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$F=ma$ Don't do that! You can't mix Newtonian mechanics and special relativity, let alone Newtonian mechanics and general relativity. Gravitation is fundamentally very different between Newtonian mechanics and general relativity. In general relativity, gravitation is a result of geometry. It is not quite a force. Mass-energy tells space-time how to ...


1

The graph below shows the given data as red dots, with the angle in air as the x-axis, and the angle in water as the y-axis. The blue line is a least squares fit of the data to a line, and the purple line is a least squares fit to a parabola. The data clearly doesn't quite fit a line, but it does fit very well to a parabola. The parabola shown, calculated ...


2

Refractive index describes the speed of propagation of light in a medium. So to restate your question: why is the speed of light slower in some media than in others? The wave equation tells us that speed of propagation depends on two factors: one is an inertial term, while the other is an elastic term. Let's look at a simple case of a string. The ...


0

This is a good question that I struggled with myself for some time. I believe that the correct answer is the following. The imaginary part of the index of refraction, i.e. $\kappa$, quantifies the dissipation of light through a medium. However, if one wants to quantify the dissipation due to nonretarded electric fields alone, the quantity that quantifies ...


6

Electromagnetic radiation in a medium propagates according to the law $$ \mathbf E,\mathbf B \propto e^{\imath(\pm k_xx-\omega t)} $$ where $$ k_x^2 = \frac{n^2\omega^2}{c^2}\;. $$ The refractive index $n$ can also be complex, in which case its imaginary part describes the absorption of the EM wave in the medium. But the oscillating part is in any case $$ ...


-1

This is basically about dispersion: EM waves with different frequencies travel at different speed in a medium because of interaction. Usually, as in a standard textbook experiment wherein a light beam is bent by a prism, higher frequency waves bends more. The more it bends, the more slowly it travels. So, lower frequency waves usually go faster. However, ...


5

It is so possible that it actually happens on Earth, where I suppose we are both breathing. I think you should read the mirage page of Wikipedia (where I learned all I am saying here) as this can actually happen on our planet. It is called a superior mirage, and happen when you have temperature inversion, with a ground colder than the air above. The ...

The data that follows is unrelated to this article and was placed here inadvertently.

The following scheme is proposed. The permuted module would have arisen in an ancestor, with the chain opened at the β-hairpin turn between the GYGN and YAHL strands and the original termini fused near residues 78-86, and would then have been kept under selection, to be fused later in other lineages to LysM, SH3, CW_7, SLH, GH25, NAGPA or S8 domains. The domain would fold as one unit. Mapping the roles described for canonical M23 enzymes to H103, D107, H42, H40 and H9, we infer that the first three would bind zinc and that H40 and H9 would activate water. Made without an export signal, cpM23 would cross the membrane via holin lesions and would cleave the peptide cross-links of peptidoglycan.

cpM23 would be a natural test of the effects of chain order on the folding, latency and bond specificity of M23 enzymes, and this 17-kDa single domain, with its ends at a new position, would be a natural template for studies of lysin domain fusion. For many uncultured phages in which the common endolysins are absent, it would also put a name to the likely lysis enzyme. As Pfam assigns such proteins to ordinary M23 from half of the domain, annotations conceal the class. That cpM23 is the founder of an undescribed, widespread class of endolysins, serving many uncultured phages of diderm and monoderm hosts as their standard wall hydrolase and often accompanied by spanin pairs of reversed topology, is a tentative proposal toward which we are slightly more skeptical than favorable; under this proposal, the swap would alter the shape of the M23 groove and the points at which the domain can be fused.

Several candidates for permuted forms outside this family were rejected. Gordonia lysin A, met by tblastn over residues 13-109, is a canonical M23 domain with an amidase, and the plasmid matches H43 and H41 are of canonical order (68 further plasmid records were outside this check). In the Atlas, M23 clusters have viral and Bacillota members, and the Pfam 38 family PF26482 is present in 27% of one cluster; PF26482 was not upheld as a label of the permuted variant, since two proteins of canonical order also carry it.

2

After a lot more searching, I have found the answer to my question! :D Below is a summary of the information I found. There is no specific webpage I can link to because I relied on sources who quoted other sources which no longer exist, but maybe this information can be useful to someone else someday. Most of what I learned comes from Professor Lou ...


4

Of the choices given, I would favor explanation #2. It doesn't require quantum physics; modeling atoms as ball-and-spring systems works pretty well. In his famous textbook for undergraduates Griffiths does this, and if you have some math training that would be a fine place to head for the details. I think #5/#6 are also, arguably, correct if you treat the ...


-1

In fiber optic measurement the effective refractive index is calculated as follow: RI eff=(L opt* RI opt)/L eff where: L eff is the cable or physical distance between two know even on the OTDR L opt is the optical distance between two known events


3

It's because most materials have (many) natural resonances. I assume you are alright with the phase velocity being different in different media, that is I assume you are alright with something of the form $$ \frac{ \omega }{ k } = \frac{c}{n} = \frac{ c}{\sqrt{ \mu \epsilon }} \sim \frac{c}{\sqrt \epsilon} $$ where $k$ is the wavenumber of a wave, ...


1

Just blindly multiplying the overall answer by some factor isn't the way to go about it. I have an alternative proposal which may work well as a zeroth-order approximation at least. You already have the expression for the 2-layer case, and if I observe correctly, you are only concerned with the reflected part, not the transmitted part. So, a smaller ...



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